This is where inheritance comes into play. So the Door (DoorController Class) is inherited from ItemData. The trick is that the code that manages the door's state also changes the "action" of the underlying ItemData. As doors are always work the same way this doesn't have to be exposed to the editor. So when the state of the door is changed the "action" is updated based on the new state. Quick, simple and clean - not as flexible as going through the editor, but that's a small price to pay.

Another (big) advantage is that items and doors now all run through the same code for displaying button hints, tooltips and message boxes, so no special cases to tackle.


For comparision: the door's editor values.

Now that this is done, I'm going to add guards wandering around the map and I fear I also need to get my head around doing a minimap to guide your around (without being a spoiler).

... and with this, "Hail to the king and his epic saga in search for candy".

-- Oliver / nGFX

The bad gains respect through imitation, the good loses it especially in art.

Friedrich Nietzsche.

I doubt good ol' Fritz had "kings" in mind when writing this, but such is life (though, respect for "kings" seem to fall apart lately...) .


Changing from MonoBehaviour to PanelSettings as base class ...

I've started a first refactoring pass today, one of many, as always. I like doing that every time I have a set of working functionalities that I can group together to make things easier to use / handle.

The code above is a part of the class that handles the tooltips in my current prototype game. The PanelSettings class is basically a wrapper for NGUI panels, adding a name and two methods: Show and Hide (which allow for no-brain fade in / fade out).

Together with the PanelManager singleton it makes things incredibly easy. Instead of creating connections via the Unity editor (read: linking panels to objects who might control them), Panels register themselves in the PanelManager to allow for easy access.

To fade in a panel it's simply:

PaneleManager.Show("mypanel");

// or, if you need a callback:
PanelManager.Show("mypanel", CallbackMethod);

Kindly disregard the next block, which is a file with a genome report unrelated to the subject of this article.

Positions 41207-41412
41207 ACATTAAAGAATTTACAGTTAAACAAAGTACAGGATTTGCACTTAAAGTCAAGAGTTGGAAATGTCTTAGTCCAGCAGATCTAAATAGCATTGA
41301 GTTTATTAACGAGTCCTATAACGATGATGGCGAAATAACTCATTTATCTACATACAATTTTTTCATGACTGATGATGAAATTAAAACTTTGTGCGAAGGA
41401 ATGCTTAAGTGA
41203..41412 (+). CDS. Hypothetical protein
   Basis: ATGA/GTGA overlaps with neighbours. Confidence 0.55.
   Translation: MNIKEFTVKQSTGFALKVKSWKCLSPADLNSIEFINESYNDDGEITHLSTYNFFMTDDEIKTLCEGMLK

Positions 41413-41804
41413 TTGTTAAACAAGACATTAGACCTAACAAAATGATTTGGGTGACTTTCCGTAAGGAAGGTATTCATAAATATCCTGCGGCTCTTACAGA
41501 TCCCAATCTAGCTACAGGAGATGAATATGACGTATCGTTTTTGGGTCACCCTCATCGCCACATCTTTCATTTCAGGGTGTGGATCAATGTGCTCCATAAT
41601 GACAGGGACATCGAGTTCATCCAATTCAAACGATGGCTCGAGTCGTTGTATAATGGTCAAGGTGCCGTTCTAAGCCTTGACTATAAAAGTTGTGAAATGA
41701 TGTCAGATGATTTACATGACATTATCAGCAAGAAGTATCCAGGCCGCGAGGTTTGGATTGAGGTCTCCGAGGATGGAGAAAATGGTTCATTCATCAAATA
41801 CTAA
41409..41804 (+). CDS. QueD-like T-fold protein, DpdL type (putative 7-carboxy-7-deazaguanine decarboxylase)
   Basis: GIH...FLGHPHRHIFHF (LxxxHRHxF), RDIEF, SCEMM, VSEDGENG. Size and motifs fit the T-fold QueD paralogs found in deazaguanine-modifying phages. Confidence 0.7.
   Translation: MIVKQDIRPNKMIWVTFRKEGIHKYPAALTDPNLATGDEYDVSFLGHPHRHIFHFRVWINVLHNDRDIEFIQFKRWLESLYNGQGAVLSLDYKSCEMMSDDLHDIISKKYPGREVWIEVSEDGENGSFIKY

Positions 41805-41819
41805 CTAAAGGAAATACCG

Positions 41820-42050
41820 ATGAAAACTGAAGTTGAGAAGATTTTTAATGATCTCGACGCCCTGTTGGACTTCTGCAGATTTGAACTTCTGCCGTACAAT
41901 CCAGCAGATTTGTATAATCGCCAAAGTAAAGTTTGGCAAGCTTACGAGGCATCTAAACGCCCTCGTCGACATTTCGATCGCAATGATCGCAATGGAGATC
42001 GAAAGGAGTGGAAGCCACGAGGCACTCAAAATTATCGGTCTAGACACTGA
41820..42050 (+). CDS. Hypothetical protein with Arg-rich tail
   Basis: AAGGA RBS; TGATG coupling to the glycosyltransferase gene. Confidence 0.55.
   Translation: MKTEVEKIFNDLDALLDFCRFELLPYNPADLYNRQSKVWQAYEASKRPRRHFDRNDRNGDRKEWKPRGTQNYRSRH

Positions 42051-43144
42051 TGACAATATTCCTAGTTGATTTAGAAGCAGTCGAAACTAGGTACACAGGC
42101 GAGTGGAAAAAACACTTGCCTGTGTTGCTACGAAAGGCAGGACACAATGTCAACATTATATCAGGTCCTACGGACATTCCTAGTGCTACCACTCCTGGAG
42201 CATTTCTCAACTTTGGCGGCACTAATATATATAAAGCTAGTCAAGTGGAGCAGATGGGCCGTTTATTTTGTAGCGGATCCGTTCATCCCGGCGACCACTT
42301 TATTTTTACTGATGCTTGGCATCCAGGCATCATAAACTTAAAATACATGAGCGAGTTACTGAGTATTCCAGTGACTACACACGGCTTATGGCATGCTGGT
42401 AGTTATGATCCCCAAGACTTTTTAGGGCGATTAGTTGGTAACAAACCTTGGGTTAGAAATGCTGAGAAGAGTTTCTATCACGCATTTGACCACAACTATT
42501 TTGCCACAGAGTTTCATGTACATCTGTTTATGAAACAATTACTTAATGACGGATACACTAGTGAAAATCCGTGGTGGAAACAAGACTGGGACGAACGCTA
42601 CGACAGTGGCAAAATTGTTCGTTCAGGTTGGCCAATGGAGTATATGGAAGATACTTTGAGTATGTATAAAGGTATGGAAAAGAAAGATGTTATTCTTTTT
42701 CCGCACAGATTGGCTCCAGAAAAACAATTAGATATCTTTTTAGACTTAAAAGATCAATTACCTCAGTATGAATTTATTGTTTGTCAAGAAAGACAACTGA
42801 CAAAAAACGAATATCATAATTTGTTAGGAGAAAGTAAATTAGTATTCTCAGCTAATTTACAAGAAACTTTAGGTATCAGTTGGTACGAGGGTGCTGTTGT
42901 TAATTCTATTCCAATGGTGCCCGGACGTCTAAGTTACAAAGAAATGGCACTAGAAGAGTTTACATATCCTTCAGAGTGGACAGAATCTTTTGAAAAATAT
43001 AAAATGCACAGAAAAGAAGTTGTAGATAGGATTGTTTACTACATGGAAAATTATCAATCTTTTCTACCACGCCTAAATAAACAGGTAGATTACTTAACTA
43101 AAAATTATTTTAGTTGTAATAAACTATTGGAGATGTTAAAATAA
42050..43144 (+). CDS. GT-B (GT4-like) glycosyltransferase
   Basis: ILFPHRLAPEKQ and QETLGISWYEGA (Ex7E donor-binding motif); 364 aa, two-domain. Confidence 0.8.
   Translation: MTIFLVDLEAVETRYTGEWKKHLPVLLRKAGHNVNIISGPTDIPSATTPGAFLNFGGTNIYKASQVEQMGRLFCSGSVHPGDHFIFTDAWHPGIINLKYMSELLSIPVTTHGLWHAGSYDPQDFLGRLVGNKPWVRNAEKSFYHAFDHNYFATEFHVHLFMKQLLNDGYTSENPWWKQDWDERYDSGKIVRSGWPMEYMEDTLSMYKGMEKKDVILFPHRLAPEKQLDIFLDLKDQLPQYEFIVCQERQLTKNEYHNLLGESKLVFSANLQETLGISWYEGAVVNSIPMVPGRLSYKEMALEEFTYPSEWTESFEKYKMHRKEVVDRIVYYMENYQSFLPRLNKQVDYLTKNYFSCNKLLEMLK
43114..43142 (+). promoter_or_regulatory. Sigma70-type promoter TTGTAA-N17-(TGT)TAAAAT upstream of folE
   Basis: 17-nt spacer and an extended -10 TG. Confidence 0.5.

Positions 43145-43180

As the tooltips need to be faded in out it was a good idea to use what the PanelSettings class has to offer and remove duplicated code from the ActionTooltip class.

... and with this I continue my refactoring saga and have some candy along the way.

-- Oliver / nGFX

I AM NOT YOUR F1 BUTTON!

Code won the game.

This only makes sense if you've read last week's post about FSMs. At some time during clicking and dragging states and trying to fit my idea into the corset of the FSM, I figured I need to write my own actions to make things worthwhile. So I started to write my own action. The problem is once you start writing your own, you need to find a point to stop and expose values to the FSM (that can then fetch these and pass to the next action ...).

With this working quite well, I came to the point where I needed to pass more than a single string or float, but my own class with data (or I had to pass a set of values) and suddenly the beauty of this new toy (the FSM and it's supposed easiness) started to fall apart. Years of coding took over the show, brain cells kicked into crunch mode and in an act of fury I deleted the FSMs from the game. A good deal of hours fiddling and working against instinct paid it's price and code once again won the game.

A few hours later the door control was coded and working, multi language ready, too:

 


Tooltips and control hints up and running and talking to each other via SendMessage, so no links in code are needed.

The interface for using the tooltips is unified and based on "Items" that carry a name, a set of actions and "results" (inspired by classic adventure games). So the Control panel right of the door has the "Item" component attached, it is also linked to the door (to request the door's state). In the image above the door's state is "locked" and the action for the control panel is "unlock door". The result is a new door state: "closed" and a changed action on the control panel "open door", plus the control hint is being updated.


I need more time...